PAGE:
Against hackers with AI

by Mark Rowe

The spiralling growth in hacking is costing business ‘big time’, writes Colin Tankard, pictured, Managing Director, Digital Pathways.

A recent report for the ninth Annual Cost of Cybercrime Study, found the value of risk for an average Times 1000 company, with 2019 revenues of £15 billion, equals 2.8 per cent of revenues per year and, even at this level, weaknesses remain. The cost of being hacked can run into many hundreds of thousands of pounds, coupled with the loss of business, market share and reputational damage.

The situation is not helped by the lack of cyber security talent. It is well-known that while the creativity and critical thinking of human cyber security expertise is key to gaining an advantage over cyber attackers, finding the skills is hard. The New York Times reported that the industry expects 3.5m cyber positions to be unfilled by the end of 2021. Even with the supposed hundreds of thousands of security experts available via bug bounty platforms across the world, the reality is that the pool of top talent is quite narrow.

An answer to this crisis is augmented intelligence (AI) or augmenting human security talent with artificial intelligence. New data from Synack, a trusted crowd-sourced security testing platform, revealed that organisations are successfully ramping up their ability to scale their security in 2020, to prevent data breaches. Already, they are covering more ground, getting 20 times more effective in their ability to cover their digital attack surface than traditional testing methods, by using AI alongside their cyber talented staff.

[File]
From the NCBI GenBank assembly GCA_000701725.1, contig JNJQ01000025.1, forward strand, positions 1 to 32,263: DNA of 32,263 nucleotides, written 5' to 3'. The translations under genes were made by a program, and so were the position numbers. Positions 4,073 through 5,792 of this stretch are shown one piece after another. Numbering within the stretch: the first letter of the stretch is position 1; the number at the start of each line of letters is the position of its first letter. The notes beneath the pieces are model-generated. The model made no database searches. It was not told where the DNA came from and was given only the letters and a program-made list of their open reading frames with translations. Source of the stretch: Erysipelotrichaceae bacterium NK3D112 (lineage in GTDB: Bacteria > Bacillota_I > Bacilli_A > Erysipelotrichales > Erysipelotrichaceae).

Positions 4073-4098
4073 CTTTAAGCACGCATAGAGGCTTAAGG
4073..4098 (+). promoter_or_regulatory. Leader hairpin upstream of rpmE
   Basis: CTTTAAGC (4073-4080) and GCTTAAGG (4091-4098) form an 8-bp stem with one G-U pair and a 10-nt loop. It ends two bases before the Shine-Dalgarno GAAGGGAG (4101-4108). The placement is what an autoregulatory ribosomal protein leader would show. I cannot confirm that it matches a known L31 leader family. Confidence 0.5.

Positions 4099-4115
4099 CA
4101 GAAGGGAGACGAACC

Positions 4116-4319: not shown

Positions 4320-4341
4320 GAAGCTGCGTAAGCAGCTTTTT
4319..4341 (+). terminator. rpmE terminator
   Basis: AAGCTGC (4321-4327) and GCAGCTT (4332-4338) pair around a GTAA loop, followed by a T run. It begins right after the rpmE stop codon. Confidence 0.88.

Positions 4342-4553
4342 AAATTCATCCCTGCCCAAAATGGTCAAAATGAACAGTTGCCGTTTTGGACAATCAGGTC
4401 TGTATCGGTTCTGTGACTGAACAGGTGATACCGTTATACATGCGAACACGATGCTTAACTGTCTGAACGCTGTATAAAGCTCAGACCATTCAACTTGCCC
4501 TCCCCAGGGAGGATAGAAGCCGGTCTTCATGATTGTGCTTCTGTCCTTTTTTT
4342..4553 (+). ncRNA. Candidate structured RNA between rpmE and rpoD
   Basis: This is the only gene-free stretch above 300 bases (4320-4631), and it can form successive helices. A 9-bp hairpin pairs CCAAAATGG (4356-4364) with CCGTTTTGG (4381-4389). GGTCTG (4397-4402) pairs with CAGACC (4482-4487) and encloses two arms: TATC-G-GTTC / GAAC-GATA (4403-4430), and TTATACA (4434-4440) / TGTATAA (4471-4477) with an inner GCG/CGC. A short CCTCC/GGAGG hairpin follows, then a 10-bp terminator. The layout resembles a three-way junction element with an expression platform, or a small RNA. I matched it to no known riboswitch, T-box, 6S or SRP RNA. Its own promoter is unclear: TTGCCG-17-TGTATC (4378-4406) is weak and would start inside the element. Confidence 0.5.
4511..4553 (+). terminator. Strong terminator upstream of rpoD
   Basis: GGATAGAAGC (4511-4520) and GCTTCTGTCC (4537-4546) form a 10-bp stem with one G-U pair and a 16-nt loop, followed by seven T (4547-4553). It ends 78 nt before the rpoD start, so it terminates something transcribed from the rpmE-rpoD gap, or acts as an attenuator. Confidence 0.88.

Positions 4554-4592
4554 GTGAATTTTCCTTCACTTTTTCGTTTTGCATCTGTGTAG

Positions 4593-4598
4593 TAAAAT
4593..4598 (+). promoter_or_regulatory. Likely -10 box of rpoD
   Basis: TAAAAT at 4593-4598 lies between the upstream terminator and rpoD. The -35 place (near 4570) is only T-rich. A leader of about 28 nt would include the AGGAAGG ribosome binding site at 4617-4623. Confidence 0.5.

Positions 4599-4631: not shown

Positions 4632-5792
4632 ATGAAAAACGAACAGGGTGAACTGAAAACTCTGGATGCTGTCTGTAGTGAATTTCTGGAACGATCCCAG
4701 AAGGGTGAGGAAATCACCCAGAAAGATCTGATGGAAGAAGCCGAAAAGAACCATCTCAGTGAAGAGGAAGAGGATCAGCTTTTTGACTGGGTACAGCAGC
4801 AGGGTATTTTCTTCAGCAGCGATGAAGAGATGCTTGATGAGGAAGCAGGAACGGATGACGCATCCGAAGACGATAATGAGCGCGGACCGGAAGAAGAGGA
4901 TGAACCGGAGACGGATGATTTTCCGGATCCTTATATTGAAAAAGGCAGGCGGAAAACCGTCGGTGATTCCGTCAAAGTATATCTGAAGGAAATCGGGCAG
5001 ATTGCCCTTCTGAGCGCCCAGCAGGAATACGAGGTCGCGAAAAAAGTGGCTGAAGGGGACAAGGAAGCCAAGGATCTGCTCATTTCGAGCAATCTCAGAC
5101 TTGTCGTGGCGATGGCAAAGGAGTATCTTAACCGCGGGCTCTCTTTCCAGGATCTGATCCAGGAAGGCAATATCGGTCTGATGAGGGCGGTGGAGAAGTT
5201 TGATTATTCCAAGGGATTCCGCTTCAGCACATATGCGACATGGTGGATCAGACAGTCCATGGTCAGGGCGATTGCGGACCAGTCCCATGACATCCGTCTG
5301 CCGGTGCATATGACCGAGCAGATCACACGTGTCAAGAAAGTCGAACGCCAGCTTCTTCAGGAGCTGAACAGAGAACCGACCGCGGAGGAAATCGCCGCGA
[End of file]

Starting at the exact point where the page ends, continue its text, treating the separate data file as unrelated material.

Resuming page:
The Synack report identified three key areas that are having a significant impact on threat detections:

– Coverage and Scale: While humans are around two times more impactful at finding breach-worthy security vulnerabilities, an augmented combination of the best security talent and AI-enabled technology results in twenty times more effectiveness in their ability to cover their digital attack surface.

– Efficiency: Humans can accelerate their time to evaluate the breach-worthiness of a vulnerability by at least 73% by using AI-enabled technology.

– Effective Remediation: Companies can find and close critical vulnerabilities 40% faster, reducing the vulnerability risk window by using combined AI technology with recognised security platforms.

AI technology is frequently amalgamated with other data security products to provide a single pane of glass view of the security landscape. One such technology is Security Orchestration Automation and Response (SOAR) platforms that can identify threats in a network or system early and, can remediate by using predefined playbooks which take action to stop the threat and provide feedback to security operation teams for further investigation.

Using AI to monitor user behaviour is another popular area, as in general the end-user is the weak link in any security strategy. Given the speed at which a cyber-attack can take place, AI can analyse user behaviour faster and on a larger scale than humans can, spotting anomalies in the pattern which builds a risk score that when exceeded, can take proactive steps to block the process. The algorithm used, called Self-Organising Map (SOM), models a normal users working, to discern whether a particular activity on a network or computer system is normal or abnormal.